01-06-2017 07:03 AM
I have finally found source of annoying strange behaviour in my aplication for Microblaze.
Short story: I had arrays of hundreds structs what I initialiazed to defined parameters. Then I printed every member one by one with printf() and checked for errors. I found just ONE member what was initialized incorrectly. I was trying to track source of problem in my code and I basically ended in funny state.
Something like this...
struct myStruct myStruct_array; //...some code with initialization, myStruct_array.element should be 0 printf("%d\n", myStruct_array.element); // 0 printf("%d\n", myStruct_array.element); // random
Do you expect I got printed two same numbers? No...First print was correct, the second was something random number (another prints were same).
First I was suspecting errors in my own code with memory corruption - but this was stupid, because there was no code between "separate" calls of printf(). There were no interrupts etc
So I tried disassembly these lines of code with debugger and I found that printf uses malloc what was possibly source of problems.
Another problem was with assert macros from xil_assert.h. Assertion fails caused reset of program instead of printing number of line and file with problem and blocking the code with infinitive loop.
I have replaced printf by xil_printf and everything works fine for now but I wanted to use the standart printf() because of no limitations (xil_printf can't print 64bit numbers, float etc). I have DDR memory so I don't have to bother about saving memory space etc.
Why there is no warning about this in documentation? (for example OS and Libraries Document Collection)
I have just foung mention here: https://www.xilinx.com/support/answers/23345.html
01-06-2017 09:21 AM
Regarding to the issues with printf function, as long as it makes use of dynamic memory allocation and calls to malloc, you should check your HEAP size, as pointed in the UG645 (Memory Management Functions).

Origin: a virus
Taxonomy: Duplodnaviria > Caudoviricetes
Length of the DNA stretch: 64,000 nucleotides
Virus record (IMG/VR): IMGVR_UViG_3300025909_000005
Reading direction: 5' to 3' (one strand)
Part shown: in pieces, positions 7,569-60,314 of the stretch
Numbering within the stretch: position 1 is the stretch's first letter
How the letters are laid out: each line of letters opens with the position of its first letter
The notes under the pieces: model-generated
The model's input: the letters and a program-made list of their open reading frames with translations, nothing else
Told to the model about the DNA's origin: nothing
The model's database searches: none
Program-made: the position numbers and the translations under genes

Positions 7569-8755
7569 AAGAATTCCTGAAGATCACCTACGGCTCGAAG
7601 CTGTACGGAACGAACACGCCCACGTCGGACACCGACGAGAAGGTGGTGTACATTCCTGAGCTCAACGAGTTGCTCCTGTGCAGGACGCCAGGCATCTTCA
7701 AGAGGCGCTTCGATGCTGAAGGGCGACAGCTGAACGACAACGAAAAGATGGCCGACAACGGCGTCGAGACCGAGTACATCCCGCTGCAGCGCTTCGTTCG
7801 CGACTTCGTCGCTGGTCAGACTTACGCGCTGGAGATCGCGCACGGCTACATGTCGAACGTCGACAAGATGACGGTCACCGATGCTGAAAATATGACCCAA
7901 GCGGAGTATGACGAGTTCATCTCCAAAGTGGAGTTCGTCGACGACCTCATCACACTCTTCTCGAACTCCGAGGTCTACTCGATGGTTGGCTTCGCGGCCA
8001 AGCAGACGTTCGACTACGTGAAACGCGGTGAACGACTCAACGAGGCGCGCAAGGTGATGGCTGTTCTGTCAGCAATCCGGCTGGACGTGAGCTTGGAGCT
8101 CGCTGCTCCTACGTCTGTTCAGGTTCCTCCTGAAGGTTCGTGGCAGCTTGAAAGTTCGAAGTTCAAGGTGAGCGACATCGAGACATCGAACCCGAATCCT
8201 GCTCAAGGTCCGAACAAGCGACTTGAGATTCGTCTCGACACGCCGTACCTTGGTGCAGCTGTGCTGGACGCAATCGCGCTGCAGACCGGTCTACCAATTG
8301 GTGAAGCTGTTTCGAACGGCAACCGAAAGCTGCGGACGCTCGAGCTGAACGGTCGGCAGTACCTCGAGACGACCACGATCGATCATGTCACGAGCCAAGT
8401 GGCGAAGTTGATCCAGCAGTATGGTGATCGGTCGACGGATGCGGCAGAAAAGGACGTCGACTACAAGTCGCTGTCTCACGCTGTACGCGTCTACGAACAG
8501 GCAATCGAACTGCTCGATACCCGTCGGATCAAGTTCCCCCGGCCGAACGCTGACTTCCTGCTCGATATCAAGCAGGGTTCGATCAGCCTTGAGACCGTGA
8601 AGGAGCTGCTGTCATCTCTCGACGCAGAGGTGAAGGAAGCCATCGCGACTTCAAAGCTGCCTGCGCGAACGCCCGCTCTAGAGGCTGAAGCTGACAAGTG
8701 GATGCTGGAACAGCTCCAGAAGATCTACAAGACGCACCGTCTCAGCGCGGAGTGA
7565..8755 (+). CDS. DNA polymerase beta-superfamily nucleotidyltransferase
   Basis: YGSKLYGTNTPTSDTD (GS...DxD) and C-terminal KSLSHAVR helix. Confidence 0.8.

On the other hand, xil_assert does not print any line in your serial terminal by default. You have to register your own assert callback to define the exact behavior of your system, using Xil_AssertSetCallback() function, where the callback has as input the file name and the specific line where the assert has been trapped. Your callback then can decide to print a message or stop in an infinite loop.There is also a variable called Xil_AssertWait that you can set to 1 if you want include the infinite loop behavior in the default callback. Detailed info of each function can be found the in the same UG645.
01-06-2017 02:01 PM
I had registered callback for xil_assert and it worked fine before I used printf function. I just wanted to point that using print() function corrupted the program code somehow and it was hard to find.
Is possible to detect overflow of HEAP? I know there is something fot stack in GCC (Stack-Smashing Protector - ProPolice) but it can't detect everything...
01-09-2017 12:47 AM
Usually the way to check stack overflows is using data pattern checking, I mean, write a certain pattern in the stack area of the memory and check if the last byte has been modified. If modified that means that your stack has been overflowed at certain moment of the execution. I would say that same rule can be applied for the HEAP, so try to check it.
Regarding the assert implementations. I guess that if you make use of both the problem would be that he would need to link both library implementations, so will use more memory. So using just one would be preferable from my point of view.